Consumers could be charged more for using credit cards

One of the largest business expenses for Santoni's Supermarket in Highlandtown is interchange fees — what the grocer pays a bank to process customer's credit card transactions.

Even so, Santoni's has no plans to charge shoppers more for paying with plastic.

"That would be retailer suicide," says Rob Santoni Jr., the grocer's chief financial officer.

Merchants haven't been allowed to add a surcharge to credit card purchases, but that would change under a proposed settlement announced last month to resolve a seven-year legal battle over interchange fees. Retailers had accused Visa, MasterCard and the big banks of colluding to raise interchange fees, sometimes called swipe fees.

As part of the $7.25 billion antitrust settlement — the largest ever — Visa and MasterCard would lift restrictions that have prevented retailers from slapping a fee on customers using credit cards. (American Express already allows retailers to add a surcharge, on the condition that they do the same for all card payments.)

If the settlement receives preliminary approval by the judge in the fall, consumers could be paying more for using credit cards as early as next spring, according to the Electronic Payments Coalition, which represents Visa, MasterCard and card issuers. The coalition says it was merchants that wanted the ban on surcharges lifted.

"We did not want them to have this ability," says Trish Wexler, a coalition spokeswoman. "We think it's anti-consumer."

This seems to be a mixed blessing for retailers, and bad news for consumers who frequently pay with plastic for convenience or to rack up card rewards.

A surcharge would allow retailers to recoup their cost for card processing, but adding a fee could alienate customers. Or it could prompt consumers to pay with cash, and that's not good for business because customers tend to spend more when paying with credit cards.

Not all retailers are happy with the settlement, which includes cash payments to retailers and a small reduction in swipe fees for eight months. Wal-Mart, Target and the National Association of Convenience Stores are among those opposing the settlement, saying it does't fix the "broken" system. Opponents also complain that the settlement won't prevent fees from going up and stymies the growth of lower-cost payment options.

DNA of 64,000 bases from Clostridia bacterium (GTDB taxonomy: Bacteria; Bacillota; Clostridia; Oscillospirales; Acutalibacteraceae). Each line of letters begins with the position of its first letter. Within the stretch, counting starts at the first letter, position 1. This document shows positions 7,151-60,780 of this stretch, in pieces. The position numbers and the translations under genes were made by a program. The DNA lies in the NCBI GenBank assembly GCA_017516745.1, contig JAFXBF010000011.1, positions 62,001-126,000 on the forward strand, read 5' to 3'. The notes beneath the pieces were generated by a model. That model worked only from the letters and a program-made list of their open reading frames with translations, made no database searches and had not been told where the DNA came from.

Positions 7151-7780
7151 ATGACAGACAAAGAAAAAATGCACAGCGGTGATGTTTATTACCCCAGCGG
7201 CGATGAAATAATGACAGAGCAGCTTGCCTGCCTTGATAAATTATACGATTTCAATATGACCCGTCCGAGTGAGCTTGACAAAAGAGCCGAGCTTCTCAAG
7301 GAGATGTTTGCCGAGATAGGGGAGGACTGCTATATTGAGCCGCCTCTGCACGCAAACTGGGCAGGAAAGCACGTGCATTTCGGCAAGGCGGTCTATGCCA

"The settlement doesn't bring about real reform that we need as retailers," Santoni says.

The settlement sounds like a big number, but represents a small percentage of the fees collected by the banks, he says. The National Association of Convenience Stores says $7.25 billion is less than two-months' worth of interchange fees.

If the settlement is approved, retailers would be able to add a checkout fee to credit card transactions to cover processing costs — usually 1.5 to 3 percent — although they can't charge more than about 4 percent, Wexler says. Merchants also would have to post the fee on their doors, at registers and on the customers' receipts, she says.

Ten states prohibit such surcharges. Maryland isn't one of them, which opens the door for consumers here to be charged.

"I'm not going to be the first to do it," Santoni says.

Other Maryland businesses agree.

"Competition alone won't let a surcharge happen," says Kirk McCauley, director of member relations for the Washington, Maryland, Delaware Service Station and Automotive Repair Association.

McCauley says his members would have preferred a permanent reduction in interchange fees that now eat up about 8 cents of every gallon of gas sold. That's why about 10 percent of stations offer a discount of about 5 cents a gallon to customers paying with cash, he says.

"It doesn't always work," McCauley says. "In some areas, people will pay with a credit card. They don't want to carry $80 around in their pocket just for gas."

Alan Hirsch, co-owner of Donna's restaurants, says swipe fees are a significant expense, but he doesn't think adding a surcharge "would be a nice thing to do."